Color and contrast look great right out of the box, and indeed it comes calibrated from the factory with Delta E<2 color accuracy. Furthermore, testing with my Datacolor SpyderX Pro colorimeter revealed 100% sRGB, 76% AdobeRGB, and 79% DCI-P3 color reproduction. These are good results, and those handling some editing work should feel right at home. If you're getting into truly specialized work, however, you'll no doubt want something with higher AdobeRGB and DCI-P3 reproduction.
The display's bezel is pleasantly thin, contributing to an 89% screen-to-body ratio. This is still a 16:9 aspect ratio (boo), but there's not much of a chin below. A 16:10 or 3:2 aspect ratio would be much better for a tablet, giving you less of a rectangle and more of a square when the lid is rotated around. The HP ENVY 14 moved to 16:10, so hopefully, the x360 models will at some point as well.
The ENVY x360's screen is compatible with HP's MPP 2.0 pen with 4,096 levels of pressure sensitivity and tilt support. It wasn't included with the review unit so I wasn't able to test it out. If you're buying this laptop, it looks like you'll get one included in the overall price of the device. That's a nice addition by HP and one that not every company sees fit to include.
Eight cores in a thin laptop
HP ENVY x360 15: Performance and battery
The AMD Ryzen 7 5700U processor in the ENVY x360 15 is truly a top performer when it comes to multithreaded tasks. Its eight cores and 16 threads push it well ahead of the comparable 11th Gen Intel Core i7-1165G7 chip, and it will even beat out 10th Gen H-series Intel Core i7 CPUs. Intel still wins in most single-core cases, but if you're going in heavy on multitasking, this is the CPU you want.
On the other hand, however, the RX Vega 8 GPU isn't particularly impressive. It's basically the same as you find in Ryzen 4000 chips, and its performance comes in below Intel Iris Xe integrated graphics. No matter the case, a dedicated GPU — like the NVIDIA MX450 in the Intel version of the ENVY x360 15 — is going to trounce the integrated graphics. If you're leaning toward more intensive design or editing work, it will certainly come in handy.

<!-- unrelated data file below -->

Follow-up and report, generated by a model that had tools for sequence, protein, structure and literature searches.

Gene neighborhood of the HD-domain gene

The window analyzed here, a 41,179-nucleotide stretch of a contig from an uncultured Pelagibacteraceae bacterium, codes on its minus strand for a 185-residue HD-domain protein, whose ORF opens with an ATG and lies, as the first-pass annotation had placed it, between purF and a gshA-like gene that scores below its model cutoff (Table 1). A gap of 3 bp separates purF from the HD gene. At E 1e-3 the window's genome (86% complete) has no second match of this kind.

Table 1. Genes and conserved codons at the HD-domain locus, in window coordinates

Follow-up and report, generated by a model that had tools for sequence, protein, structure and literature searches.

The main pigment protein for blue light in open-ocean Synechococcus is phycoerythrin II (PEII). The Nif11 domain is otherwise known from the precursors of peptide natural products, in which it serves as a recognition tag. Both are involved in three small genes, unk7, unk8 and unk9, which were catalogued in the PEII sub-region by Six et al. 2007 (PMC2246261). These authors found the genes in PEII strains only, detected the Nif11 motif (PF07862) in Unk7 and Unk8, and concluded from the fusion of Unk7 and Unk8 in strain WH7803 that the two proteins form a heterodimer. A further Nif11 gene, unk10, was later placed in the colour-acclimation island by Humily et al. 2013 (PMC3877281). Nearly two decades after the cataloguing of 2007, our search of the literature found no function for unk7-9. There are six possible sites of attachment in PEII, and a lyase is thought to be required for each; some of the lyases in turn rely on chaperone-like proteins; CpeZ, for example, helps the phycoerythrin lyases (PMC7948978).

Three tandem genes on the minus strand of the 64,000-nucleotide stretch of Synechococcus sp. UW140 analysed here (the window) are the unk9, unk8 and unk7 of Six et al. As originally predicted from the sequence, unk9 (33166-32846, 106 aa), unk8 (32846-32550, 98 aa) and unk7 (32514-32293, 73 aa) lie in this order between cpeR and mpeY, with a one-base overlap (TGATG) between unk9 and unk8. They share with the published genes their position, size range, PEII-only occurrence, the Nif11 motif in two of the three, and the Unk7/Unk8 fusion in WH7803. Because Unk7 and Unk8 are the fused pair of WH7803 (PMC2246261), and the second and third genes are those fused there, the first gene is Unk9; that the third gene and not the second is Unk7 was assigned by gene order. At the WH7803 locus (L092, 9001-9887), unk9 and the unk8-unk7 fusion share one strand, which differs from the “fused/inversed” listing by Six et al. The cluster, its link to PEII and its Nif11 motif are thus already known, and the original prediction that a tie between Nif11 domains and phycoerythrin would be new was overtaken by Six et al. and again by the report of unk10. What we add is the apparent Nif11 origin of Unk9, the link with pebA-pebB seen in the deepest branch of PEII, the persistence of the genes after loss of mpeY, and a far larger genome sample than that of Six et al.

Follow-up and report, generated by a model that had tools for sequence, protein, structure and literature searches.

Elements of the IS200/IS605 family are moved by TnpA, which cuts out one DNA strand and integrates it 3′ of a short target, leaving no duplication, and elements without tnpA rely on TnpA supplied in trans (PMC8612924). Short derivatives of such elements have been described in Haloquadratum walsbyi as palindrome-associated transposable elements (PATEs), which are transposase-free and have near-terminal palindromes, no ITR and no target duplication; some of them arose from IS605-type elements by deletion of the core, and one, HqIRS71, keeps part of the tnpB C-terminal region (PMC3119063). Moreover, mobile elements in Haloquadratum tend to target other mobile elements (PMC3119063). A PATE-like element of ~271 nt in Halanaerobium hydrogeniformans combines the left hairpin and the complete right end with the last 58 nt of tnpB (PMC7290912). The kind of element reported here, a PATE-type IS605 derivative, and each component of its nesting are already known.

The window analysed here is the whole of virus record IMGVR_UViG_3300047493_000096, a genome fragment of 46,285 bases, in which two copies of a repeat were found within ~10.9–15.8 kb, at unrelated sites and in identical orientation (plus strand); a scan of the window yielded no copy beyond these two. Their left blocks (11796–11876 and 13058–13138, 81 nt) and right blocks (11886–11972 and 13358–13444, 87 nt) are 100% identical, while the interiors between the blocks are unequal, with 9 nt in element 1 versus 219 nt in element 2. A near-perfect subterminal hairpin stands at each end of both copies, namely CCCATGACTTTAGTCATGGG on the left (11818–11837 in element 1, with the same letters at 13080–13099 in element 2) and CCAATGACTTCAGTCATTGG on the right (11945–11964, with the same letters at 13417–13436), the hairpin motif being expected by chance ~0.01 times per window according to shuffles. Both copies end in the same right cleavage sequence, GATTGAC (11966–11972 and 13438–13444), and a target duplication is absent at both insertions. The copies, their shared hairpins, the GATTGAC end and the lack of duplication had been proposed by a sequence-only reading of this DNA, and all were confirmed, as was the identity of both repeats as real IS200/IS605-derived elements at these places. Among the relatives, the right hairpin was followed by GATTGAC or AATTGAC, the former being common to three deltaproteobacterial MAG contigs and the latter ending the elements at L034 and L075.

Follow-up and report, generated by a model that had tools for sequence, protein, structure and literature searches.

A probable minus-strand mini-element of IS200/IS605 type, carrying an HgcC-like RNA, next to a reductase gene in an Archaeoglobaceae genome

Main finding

I had absolutely no issues using this laptop for heavy web browsing (multiple windows, each with 10+ tabs), photo editing, video conferencing, and media streaming. The CPU and GPU each have a separate fan, but they're silent when the laptop isn't under strenuous load. While benchmarking the laptop I noticed some fan noise, but it quickly cut off when the testing was finished. Despite how thin it is, this isn't a laptop that gets particularly hot on any surface.
HP Command Center software has some preset power profiles you can swap between depending on what you're looking to accomplish. For the following benchmarks, I used the HP Performance plan paired with Windows 10's Best Performance plan.
All of the above results show just how strong of a laptop this is. Even the SSD speeds are generous. To boot, the SSD and RAM are user upgradeable, and HP has a video to walk users through a full teardown. There are two SODIMM slots beneath an aluminum heat shield, as well as a single M.2 SSD slot. If you for some reason can't find the exact configuration you want at checkout, you can always upgrade down the line. This is also a great way to save some money.
Using this laptop as a daily driver I was regularly getting more than hours of battery life from a charge, more than enough to get through a workday. PCMark 10 battery rundown measured 14 hours and 9 minutes with the screen's brightness set at 75% (300 nits) and the power plans set to Balanced and Better Performance. The lack of discrete GPU and UHD display helps prolong a charge; nevertheless, this is an excellent result for a 15-inch device.
They're just envious
HP ENVY x360 15: Competition
The best 15-inch laptops include some attractive convertibles. The Samsung Galaxy Book Pro 360 is another convertible with an FHD display (this time with AMOLED display), excellent inking, strong performance from 11th Gen Intel Core CPUs, and a sleek design. If you really want to go as thin and light as possible, this is the one. Models have seen a recent price drop, now starting at about $750.